• Energy allocation could now be controlled by the player, and divided among propulsion, heavy weapons, shield reinforcement, tractor beams, and electronic warfare (in the first game, if a ship was attempting to use more energy that it was producing, the game would allocate energy automatically, without any player control).
  • Bases could be placed on the map by the player.
  • Bases could now be controlled by a player in certain mission types. Previously, all bases were computer controlled.
  • Two forms of anti-missile defense were added, depending on the race selected. Empires that used missiles (the Federation, Klingons, and Mirak) received a system that worked similar to an anti-aircraft gun, while plasma races (Gorn, Romulans, and the ISC) received a special type of plasma torpedo that functioned in a similar manner.
  • Hit-and-run raids could be paused if desired.
  • Players could no longer change the map for the 'Hostile Skirmish' skirmish mission.
  • Commando (marine) ships were marked as 'special' in the game operating files, and could no longer be purchased in single player campaigns.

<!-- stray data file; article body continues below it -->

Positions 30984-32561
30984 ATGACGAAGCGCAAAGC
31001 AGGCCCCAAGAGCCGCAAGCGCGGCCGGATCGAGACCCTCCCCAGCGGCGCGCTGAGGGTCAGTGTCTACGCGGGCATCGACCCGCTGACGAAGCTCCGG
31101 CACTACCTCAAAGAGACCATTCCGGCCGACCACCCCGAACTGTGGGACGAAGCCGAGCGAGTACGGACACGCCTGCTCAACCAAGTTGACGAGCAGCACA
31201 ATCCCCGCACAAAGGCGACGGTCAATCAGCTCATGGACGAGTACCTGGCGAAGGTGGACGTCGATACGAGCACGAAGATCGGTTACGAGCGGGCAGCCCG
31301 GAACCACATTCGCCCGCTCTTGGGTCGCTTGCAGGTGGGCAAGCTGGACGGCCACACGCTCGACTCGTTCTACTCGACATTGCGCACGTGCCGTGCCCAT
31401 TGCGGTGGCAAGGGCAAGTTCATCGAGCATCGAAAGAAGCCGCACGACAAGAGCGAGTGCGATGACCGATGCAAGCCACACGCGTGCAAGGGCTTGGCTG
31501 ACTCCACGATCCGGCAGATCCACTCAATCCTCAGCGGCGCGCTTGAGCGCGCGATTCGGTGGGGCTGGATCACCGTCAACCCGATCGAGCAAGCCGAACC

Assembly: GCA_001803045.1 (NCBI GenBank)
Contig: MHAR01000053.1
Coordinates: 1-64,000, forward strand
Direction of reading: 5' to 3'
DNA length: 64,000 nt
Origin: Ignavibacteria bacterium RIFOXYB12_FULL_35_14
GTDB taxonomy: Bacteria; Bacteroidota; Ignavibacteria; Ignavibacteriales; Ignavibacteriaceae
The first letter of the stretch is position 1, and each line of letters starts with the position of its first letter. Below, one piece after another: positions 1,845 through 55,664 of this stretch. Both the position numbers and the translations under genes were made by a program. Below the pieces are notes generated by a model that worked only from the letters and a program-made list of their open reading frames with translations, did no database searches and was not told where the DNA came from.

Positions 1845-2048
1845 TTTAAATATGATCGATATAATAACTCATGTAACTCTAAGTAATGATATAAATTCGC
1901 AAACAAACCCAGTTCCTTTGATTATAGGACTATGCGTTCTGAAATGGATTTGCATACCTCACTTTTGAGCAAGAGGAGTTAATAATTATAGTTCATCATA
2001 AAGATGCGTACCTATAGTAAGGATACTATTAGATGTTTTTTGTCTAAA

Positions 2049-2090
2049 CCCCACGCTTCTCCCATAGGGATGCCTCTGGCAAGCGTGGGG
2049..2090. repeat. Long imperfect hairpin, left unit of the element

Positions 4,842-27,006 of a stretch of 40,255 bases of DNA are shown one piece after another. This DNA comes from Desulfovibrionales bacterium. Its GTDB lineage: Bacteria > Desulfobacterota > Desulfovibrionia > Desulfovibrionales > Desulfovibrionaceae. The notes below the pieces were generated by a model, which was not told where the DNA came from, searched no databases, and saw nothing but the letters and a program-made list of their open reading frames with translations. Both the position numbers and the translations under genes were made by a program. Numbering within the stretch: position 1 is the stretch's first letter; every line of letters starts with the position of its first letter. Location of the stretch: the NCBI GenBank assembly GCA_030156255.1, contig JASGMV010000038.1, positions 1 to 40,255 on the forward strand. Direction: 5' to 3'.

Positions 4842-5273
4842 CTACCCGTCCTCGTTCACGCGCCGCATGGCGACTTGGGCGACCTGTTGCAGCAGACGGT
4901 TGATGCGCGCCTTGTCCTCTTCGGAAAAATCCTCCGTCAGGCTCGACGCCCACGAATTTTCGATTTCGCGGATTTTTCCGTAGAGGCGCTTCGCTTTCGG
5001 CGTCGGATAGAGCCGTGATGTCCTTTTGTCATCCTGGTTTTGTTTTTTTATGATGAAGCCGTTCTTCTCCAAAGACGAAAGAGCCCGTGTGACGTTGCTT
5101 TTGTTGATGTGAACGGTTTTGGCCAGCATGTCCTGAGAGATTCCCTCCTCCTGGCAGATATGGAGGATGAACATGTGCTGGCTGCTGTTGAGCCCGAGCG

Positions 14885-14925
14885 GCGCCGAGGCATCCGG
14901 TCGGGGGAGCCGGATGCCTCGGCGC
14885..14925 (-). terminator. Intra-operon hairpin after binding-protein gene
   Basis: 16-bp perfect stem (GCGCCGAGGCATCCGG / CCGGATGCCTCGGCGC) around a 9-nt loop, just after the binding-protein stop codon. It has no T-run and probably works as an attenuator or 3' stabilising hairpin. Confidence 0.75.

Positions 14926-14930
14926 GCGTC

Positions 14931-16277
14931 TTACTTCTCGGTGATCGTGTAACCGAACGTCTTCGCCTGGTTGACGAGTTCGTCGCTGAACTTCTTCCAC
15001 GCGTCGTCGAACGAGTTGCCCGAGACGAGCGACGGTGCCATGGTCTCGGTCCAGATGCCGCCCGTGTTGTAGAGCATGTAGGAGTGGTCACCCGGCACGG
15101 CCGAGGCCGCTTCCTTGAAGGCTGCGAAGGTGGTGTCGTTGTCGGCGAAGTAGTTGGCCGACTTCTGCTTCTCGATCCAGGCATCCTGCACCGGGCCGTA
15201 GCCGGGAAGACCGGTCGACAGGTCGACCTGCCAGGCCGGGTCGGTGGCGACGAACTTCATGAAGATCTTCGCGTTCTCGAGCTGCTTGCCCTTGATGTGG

• Customization for some skirmish missions was taken to its logical conclusion: on the advanced setup screen, a player could choose which enemy and allied vessels would appear, and how they were equipped with things like missiles, marines, etc.
  • Single player campaigns became essentially self-contained multiplayer campaigns, with minor changes to reflect the lack of other human players (such as not needing to bid on a ship).
  • The use of the new Dynaverse engine for single player campaigns also meant that if a player failed a mission, or did not complete a mission to their satisfaction, instead of being able to start a mission over from the debriefing screen, a player had to re-load a saved game instead.
  • A lighting system was implemented, and players could adjust the amount of ambient light was present on maps. Ship models were given lighting textures to give the illusion of running lights. Damage textures were also added.
  • Fighters were added for all races, having been a Hydran specialty in the first game.

ReferencesEdit

CharactersEdit

Regular charactersEdit

Hikaru Sulu

Other charactersEdit

Starships and vehiclesEdit

USS Excelsior (Excelsior-class)

Races and culturesEdit

GornHydranKlingonLyranMirakOrganianRomulan

States and organizationsEdit

Gorn HegemonyHydran KingdomInterstellar ConcordiumKlingon EmpireLyran EmpireRomulan Star EmpireUnited Federation of Planets

AppendicesEdit

Related storiesEdit

External linkEdit